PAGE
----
I’ve been trying out Linux clone(2). What follows is a small example I’ve assembled.
From the man page, “the main use of clone is to implement threads: multiple threads of control in a program that run concurrently in a shared memory space”. Also have in mind clone(2) is Linux-specific.
One example of a real-usage is this short program I wrote for running several prolog engines at the same time.
This is the main file:
FILE *fd = fopen("./teste", "w");
fwrite("ola", 1, sizeof("ola"), fd);
Start_Prolog(0, 0); /* start prolog engine */
child_stack = (void **) malloc(65536);
clone(thread, child_stack, CLONE_VM|CLONE_FILES, NULL);
In the main routine I just create one process with clone(2) but one could create as many as we would like of course. Unlike fork(2), clone allow the child process to share parts of its execution context with the calling process, such as the memory space, the table of file descriptors, and the table of signal handlers. On this example I choosed to share the file descriptor table with the option CLONE_FILES. The CLONE_VM option will make the calling process and the child process run in the same memory space. This is good to make communication happen between the processes we will create and use.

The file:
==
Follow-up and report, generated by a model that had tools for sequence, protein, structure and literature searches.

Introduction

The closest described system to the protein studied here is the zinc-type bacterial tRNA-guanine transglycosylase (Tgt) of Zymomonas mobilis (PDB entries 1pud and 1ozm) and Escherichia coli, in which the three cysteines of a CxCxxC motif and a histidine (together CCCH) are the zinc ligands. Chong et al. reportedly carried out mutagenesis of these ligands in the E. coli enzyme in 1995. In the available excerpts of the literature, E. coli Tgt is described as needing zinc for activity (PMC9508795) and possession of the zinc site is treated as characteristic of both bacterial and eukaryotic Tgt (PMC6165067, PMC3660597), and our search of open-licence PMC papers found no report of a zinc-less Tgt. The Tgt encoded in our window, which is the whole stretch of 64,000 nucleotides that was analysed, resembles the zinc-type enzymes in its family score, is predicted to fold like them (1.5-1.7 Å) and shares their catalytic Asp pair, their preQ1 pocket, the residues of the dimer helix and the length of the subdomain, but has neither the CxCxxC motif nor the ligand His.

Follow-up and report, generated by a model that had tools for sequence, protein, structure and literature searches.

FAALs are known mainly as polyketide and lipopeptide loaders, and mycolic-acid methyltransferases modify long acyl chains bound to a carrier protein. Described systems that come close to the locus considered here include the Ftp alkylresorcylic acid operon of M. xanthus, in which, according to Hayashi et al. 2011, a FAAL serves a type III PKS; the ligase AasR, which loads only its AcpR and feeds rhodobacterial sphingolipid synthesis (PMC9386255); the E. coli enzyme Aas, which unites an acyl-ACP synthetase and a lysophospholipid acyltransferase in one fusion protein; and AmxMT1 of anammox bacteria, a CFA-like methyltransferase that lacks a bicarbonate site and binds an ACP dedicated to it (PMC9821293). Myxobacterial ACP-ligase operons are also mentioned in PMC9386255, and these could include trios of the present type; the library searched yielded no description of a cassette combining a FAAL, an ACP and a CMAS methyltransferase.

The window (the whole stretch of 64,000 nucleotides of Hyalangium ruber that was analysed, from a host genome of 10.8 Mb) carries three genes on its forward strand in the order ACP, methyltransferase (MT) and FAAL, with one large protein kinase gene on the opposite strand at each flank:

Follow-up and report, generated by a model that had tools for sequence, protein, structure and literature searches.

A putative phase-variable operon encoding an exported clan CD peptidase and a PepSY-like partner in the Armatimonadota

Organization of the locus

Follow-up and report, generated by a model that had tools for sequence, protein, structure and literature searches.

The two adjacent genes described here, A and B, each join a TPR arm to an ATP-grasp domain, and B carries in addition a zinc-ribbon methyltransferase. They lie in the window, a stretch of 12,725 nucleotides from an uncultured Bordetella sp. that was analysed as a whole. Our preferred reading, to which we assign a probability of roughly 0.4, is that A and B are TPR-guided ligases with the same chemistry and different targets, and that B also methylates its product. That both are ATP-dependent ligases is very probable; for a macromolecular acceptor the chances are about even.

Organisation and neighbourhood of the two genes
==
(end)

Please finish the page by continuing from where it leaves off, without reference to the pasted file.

The child process will begin by executing the function called ‘thread’ in this program. The ‘child_stack’ argument specifies the location of the stack used by the child process. Since the child and calling process may share memory, it is not possible for the child process to execute in the same stack as the calling process.
In the Makefile make sure to link with gprolog libraries. This is the Makefile I used:
gplc -c cfs.c
gplc -c $+
cfs: cfs.o prolog.o
gcc -static -ggdb -Wall -o cfs \
$(PLL)/obj_end.o $(LIBS) -lengine_pl -llinedit -lm
rm -f *.o *~ cfs
And the prolog source code I tested this example with:
:- foreign(my_pred, [fct_name(my_pred)]).
The ‘foreign’ call in prolog declares that a C function with that name exists.
This short example shows how to use clone(2) to create a multi-process program with gprolog. You could of course use it for creating processes that would run anykind of program in Linux.